In January, I took a side trip to Sedona, historical Prescott and Jerome, Arizona. It was, if you will, a rustic furniture-buying mission. When it comes to design and decorating, I’m one of those people who loves vibrant colors, spontaneity and change, so I’m moving a slick silver clean-lined table out of my office and into the hallway in favor of the first rustic one that jumps and says “I’m it.”
Speaking of energy. Speaking of rustic. All three places made great choices for such a mission.
I browsed through numerous stores ranging from holes in the wall and high-end furniture stores to vintage and antique shops.
At the tail end of a desert road just outside Sedona, I discovered a store that had oodles of things I’d be happy with, all of course with price tags that were certain to break the bank if I stayed too long. Add shipping to that, and it turned into a browsing experience without action.
Before this realization, however, a woman came over to me and watched how I was responding to some of the items and then how I’d share a potential decorating idea with my traveling companion. We learn that she is a furniture psychic; at least that’s how she referred to herself. No joke. It gets better.
She informs me that I’m not quite ready to buy and that I shouldn’t make any purchases in the next week. I was “in Sedona after all,” and I should be spending all my time lying on red rock and connecting with the earth. It’s what people do there. She had a point and it wasn’t as if I didn’t have red rock “time” planned, and yet there was still something ‘intense’ about her advice. Then I learned why.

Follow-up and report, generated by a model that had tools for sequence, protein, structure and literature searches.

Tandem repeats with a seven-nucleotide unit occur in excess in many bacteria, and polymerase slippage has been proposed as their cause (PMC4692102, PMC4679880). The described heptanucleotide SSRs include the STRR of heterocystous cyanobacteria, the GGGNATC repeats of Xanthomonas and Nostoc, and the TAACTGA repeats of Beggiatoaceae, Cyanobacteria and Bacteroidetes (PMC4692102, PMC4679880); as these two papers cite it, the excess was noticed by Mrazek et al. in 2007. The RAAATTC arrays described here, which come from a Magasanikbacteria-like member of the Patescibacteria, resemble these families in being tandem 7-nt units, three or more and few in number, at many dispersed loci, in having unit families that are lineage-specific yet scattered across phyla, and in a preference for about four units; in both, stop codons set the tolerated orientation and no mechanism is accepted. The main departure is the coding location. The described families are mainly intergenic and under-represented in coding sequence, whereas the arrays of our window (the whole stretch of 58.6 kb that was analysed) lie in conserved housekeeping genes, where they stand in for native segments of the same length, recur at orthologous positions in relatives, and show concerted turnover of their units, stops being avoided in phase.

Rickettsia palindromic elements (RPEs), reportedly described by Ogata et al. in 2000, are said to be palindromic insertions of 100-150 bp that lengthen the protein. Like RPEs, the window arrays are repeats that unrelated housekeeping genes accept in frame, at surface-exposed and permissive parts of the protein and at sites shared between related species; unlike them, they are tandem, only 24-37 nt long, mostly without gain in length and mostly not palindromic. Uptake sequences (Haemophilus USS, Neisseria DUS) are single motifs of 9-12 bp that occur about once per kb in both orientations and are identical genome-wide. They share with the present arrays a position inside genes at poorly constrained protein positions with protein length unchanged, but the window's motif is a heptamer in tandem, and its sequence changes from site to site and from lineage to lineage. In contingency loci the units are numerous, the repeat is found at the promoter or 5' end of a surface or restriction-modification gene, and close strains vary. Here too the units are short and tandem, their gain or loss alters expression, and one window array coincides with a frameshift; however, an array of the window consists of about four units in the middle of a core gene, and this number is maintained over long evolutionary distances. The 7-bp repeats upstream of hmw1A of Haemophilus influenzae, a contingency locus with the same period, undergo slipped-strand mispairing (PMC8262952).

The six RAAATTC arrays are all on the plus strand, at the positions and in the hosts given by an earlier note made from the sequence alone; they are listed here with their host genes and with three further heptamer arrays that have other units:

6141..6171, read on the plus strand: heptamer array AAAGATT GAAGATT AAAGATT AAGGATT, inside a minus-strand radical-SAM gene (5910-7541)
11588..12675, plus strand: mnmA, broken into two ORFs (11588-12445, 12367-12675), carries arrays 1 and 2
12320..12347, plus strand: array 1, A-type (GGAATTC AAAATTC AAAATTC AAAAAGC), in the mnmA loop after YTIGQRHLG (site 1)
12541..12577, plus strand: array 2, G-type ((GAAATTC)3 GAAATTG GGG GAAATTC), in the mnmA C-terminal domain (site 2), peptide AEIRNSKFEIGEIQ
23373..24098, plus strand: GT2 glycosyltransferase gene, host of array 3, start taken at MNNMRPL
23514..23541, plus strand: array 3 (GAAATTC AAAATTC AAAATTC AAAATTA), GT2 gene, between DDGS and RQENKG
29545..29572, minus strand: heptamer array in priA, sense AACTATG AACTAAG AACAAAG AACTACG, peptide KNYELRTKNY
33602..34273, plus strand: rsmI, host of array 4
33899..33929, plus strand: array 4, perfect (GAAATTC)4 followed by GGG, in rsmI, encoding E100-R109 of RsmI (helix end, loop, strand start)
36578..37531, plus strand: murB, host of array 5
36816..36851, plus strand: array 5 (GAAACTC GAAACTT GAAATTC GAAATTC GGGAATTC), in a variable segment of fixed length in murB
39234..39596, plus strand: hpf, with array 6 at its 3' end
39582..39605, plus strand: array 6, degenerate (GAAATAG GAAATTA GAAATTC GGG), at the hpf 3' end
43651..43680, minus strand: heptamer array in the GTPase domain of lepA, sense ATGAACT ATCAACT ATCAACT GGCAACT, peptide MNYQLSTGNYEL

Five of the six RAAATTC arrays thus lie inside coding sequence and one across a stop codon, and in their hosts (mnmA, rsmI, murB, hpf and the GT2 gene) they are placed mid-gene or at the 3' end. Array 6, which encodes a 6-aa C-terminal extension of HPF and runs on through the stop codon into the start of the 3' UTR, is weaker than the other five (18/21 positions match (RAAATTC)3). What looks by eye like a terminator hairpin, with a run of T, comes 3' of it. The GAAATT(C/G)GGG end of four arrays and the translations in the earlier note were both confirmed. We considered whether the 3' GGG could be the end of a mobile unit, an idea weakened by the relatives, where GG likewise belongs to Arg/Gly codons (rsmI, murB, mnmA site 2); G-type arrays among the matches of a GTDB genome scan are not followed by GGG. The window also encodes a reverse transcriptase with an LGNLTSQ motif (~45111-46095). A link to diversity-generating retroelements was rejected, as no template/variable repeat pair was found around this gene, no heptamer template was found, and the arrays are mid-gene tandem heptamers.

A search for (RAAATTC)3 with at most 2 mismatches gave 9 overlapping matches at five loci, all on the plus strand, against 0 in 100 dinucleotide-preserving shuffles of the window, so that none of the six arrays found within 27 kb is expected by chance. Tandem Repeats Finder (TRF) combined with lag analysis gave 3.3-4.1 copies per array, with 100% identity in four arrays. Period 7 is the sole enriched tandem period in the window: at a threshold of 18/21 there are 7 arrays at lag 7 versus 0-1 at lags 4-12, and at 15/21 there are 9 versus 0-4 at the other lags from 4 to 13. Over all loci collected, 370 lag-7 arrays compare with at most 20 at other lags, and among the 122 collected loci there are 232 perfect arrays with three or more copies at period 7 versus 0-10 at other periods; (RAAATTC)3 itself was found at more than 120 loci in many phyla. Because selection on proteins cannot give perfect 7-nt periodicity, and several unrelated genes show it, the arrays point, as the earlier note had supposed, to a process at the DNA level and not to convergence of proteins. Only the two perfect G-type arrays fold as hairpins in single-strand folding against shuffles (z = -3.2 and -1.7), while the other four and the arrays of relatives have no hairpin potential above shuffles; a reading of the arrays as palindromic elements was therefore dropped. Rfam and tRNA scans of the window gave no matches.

She’s not only a so-called furniture psychic (whatever on earth that is), but she dabbles in cards. You can learn more about her particular approach by picking up The Little Book of Cards by Hathaway and Crick.
The original playing cards were developed in medieval times to safeguard an even more ancient system. The 52 cards correspond to the weeks in a year; the 12 royal cards to the months in a year; the four suits to the number of seasons in a year and weeks in a month, as well as the four elements. The birth card for each birthday is summarized, as well as ways to interpret them.
It plays a little differently than merely reading your horoscope. Click on the image below to get a larger view of the birthdates and what card they match up to.
What intrigued me enough to buy this little book was the correlation between the way we think and act towards people, professionally and personally. Also, the weight we give relationships versus things and basic value systems. The furniture psychic was so intriguing and her assessment of the handful of people she rattled off details about based on their birthdates were so eerily spot-on, that I had to find out more.
Do I believe in this system? We don’t know what we don’t beyond the realm of our own understanding or what can be proven. What I did learn is this: after reading roughly a couple hundred people over the course of a month or so, I discovered that Spades only came up in my life a few times, whereas Clubs comprised 90% of the people I interact with on a regular basis.
While this is quite general, clubs are “head people,” diamonds gravitate around success and money (thankfully I have some diamonds in my life) and hearts, well, they’re all about giving and love of course. Regardless of what I really think, the patterns were oddly accurate and compelling enough, that its worth a read.